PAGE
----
MARINA team lead Matthew Moraguez, a graduate student in MIT’s Department of Aeronautics and Astronautics and a member of Professor Olivier L. de Weck’s Strategic Engineering Research Group (SERG), explained that MARINA’s key engineering innovations include:

  • the extensions to the International Docking System Standard (IDSS) interface;
  • the modular architecture of the backbone of MARINA’s node modules; and
  • the distribution of subsystem functions throughout the node modules.

“Modularized service racks connect any point on MARINA to any other point via the extended IDSS interface. This enables companies of all sizes to provide products and services in space to other companies, based on terms determined by the open market,” said Moraguez. “Together these decisions provide scalability, reliability, and efficient technology development benefits to MARINA and NASA.”

MARINA’s design also enables modules to be reused to create an interplanetary Mars transit vehicle that can enter Mars’ orbit, refuel from locally produced methane fuel, and return to Earth.

A subset of members of the interdisciplinary MIT team that won first place in the graduate division of the Revolutionary Aerospace Systems Concepts–Academic Linkage Design Competition Forum. From left:Caitlin Mueller (faculty advisor), Matthew Moraguez, George Lordos, and Valentina Sumini.

MARINA and SERG team member George Lordos is currently a graduate fellow in MIT System Design & Management (SDM), a program offered jointly by the MIT School of Engineering and the MIT Sloan School of Management. Lordos pointed out that MARINA’s engineering design innovations are critical enablers of its commercial viability, which rests on MARINA’s ability to give rise to a value-adding, competitive marketplace in low Earth orbit.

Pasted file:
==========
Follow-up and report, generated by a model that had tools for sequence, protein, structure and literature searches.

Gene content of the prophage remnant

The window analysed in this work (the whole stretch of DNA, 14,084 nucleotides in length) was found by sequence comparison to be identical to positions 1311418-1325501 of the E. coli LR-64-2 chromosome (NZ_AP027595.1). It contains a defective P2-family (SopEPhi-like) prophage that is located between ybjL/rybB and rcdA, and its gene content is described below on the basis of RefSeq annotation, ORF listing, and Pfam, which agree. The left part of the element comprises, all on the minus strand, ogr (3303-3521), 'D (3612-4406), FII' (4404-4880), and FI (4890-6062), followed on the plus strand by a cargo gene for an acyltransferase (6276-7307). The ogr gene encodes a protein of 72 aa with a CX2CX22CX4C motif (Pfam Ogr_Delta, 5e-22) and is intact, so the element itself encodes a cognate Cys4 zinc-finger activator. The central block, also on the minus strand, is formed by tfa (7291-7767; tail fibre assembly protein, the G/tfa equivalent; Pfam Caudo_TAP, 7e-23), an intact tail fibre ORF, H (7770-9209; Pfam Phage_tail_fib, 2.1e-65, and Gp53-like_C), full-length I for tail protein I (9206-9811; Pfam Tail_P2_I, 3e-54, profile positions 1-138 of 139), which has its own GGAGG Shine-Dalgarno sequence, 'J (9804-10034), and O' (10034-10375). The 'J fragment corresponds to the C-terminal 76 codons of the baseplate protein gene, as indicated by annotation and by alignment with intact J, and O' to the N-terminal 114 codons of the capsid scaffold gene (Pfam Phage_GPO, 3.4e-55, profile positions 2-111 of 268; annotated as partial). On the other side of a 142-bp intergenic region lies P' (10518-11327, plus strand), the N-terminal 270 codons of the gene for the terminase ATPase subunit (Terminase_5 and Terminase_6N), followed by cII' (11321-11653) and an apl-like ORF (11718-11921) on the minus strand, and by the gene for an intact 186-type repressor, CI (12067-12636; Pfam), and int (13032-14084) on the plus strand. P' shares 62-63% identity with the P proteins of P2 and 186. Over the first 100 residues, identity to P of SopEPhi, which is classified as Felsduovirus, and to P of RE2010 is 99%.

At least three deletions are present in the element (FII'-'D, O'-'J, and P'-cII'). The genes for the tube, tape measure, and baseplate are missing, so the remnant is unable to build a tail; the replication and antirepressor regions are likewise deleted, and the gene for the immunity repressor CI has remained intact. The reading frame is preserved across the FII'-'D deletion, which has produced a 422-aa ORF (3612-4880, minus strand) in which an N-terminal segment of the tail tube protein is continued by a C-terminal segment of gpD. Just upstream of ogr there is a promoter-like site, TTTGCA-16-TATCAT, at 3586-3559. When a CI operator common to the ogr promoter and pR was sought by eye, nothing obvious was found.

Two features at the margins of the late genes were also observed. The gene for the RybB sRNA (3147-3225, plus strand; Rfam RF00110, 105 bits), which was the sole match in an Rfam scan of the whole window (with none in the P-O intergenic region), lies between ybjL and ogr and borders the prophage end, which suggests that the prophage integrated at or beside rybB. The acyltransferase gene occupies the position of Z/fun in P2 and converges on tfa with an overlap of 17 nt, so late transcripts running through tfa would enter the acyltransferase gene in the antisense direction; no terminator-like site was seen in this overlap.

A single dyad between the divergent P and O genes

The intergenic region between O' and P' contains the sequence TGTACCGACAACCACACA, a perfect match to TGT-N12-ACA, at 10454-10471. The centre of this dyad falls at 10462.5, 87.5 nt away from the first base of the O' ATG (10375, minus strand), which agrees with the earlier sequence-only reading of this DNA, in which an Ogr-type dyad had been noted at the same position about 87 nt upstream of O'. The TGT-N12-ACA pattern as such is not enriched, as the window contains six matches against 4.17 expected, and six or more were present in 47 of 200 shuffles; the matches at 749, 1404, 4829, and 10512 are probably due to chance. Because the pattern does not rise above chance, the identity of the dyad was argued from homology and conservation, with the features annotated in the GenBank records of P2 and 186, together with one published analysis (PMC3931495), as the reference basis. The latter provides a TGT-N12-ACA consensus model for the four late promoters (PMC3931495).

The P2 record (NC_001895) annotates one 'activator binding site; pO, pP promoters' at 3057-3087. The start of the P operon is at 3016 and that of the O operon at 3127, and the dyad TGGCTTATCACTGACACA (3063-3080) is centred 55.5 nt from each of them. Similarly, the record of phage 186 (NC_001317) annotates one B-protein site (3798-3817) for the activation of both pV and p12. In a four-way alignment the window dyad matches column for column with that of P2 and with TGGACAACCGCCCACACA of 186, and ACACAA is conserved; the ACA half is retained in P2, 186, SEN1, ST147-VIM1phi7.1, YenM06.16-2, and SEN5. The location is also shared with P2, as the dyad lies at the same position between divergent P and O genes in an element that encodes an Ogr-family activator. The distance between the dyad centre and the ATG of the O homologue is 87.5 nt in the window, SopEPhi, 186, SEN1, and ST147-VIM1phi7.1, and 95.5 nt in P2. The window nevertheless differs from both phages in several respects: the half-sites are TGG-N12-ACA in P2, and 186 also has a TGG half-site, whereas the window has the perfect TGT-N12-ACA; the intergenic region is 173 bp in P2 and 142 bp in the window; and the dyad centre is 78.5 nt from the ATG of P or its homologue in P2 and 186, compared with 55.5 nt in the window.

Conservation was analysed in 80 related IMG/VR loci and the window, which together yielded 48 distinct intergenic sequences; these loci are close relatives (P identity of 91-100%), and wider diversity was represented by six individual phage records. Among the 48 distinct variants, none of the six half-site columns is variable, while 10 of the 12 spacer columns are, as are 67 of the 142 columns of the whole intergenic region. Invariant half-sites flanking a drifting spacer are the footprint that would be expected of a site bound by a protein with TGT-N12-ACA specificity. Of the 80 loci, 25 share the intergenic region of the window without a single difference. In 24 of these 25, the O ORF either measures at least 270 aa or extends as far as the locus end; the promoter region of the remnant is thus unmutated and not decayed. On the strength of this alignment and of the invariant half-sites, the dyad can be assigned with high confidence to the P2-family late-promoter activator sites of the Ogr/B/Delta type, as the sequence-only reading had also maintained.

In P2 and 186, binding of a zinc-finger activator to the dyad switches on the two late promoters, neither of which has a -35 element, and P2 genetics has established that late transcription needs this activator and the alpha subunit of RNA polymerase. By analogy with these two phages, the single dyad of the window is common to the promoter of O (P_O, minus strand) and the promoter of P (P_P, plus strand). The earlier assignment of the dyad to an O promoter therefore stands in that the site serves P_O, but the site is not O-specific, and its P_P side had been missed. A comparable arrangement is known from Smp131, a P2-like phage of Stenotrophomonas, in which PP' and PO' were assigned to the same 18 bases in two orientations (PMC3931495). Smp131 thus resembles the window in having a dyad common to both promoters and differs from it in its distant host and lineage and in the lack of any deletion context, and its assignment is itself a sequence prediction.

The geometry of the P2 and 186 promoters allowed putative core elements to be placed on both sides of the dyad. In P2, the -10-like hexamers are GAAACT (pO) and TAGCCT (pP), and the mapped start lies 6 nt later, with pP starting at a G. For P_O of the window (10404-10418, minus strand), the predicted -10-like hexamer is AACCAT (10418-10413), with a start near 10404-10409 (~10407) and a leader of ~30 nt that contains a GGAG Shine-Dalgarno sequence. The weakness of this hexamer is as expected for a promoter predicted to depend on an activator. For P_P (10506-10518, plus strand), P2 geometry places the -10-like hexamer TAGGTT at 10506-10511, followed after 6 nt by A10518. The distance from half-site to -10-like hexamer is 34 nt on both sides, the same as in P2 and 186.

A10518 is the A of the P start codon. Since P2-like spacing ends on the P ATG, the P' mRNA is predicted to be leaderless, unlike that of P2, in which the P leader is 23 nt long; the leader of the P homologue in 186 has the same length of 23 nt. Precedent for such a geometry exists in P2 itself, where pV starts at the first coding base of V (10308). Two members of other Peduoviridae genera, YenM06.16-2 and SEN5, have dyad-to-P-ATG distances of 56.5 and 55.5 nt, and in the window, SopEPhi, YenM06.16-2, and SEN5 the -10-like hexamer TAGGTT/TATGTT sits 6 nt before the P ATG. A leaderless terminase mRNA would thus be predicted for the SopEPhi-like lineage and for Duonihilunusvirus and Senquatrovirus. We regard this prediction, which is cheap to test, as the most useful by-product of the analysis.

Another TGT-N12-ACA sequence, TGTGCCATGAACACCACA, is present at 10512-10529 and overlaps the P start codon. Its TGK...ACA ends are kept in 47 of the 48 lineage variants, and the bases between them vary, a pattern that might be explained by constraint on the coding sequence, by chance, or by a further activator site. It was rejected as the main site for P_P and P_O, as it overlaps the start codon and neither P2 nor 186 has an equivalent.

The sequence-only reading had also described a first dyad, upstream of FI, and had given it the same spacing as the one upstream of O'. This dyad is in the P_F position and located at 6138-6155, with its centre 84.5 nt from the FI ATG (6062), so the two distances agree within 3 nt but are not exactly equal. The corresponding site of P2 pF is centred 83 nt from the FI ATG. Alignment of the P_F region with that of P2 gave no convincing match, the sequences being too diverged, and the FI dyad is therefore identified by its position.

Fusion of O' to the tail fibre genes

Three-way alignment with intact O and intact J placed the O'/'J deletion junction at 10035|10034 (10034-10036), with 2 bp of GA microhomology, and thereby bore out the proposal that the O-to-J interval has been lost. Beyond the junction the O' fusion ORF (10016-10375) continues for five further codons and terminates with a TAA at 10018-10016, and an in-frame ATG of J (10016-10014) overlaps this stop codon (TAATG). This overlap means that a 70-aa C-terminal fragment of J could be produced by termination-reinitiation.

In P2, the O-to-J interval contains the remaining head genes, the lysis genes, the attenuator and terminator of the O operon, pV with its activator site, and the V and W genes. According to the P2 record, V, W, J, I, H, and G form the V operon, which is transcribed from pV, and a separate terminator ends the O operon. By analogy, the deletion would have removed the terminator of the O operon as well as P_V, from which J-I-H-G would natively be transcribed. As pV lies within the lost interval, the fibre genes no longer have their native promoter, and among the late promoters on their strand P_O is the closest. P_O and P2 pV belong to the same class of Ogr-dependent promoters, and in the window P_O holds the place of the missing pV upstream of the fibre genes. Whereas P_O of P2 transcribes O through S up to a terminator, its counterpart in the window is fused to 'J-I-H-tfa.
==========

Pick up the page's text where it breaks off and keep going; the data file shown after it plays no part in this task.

Lordos also holds a Sloan MBA earned in 2000 and will enter the MIT Aeronautics and Astronautics doctoral program in fall 2017. “Just like a yacht marina, MARINA can provide all essential services, including safe harbor, reliable power, clean water and air, and efficient logistics and maintenance,” said Lordos. “This will facilitate design simplicity and savings in construction and operating costs of customer-owned modules. It will also incent customers to lease space inside and outside MARINA’s node modules and make MARINA a self-funded entity that is attractive to investors.”

Dr. Valentina Sumini, a postdoctoral fellow at MIT, contributed to the architectural concept being used for MARINA and its space hotel, along with MARINA faculty advisor Assistant Professor Caitlin Mueller of MIT’s School of Architecture + Planning and Department of Civil and Environmental Engineering.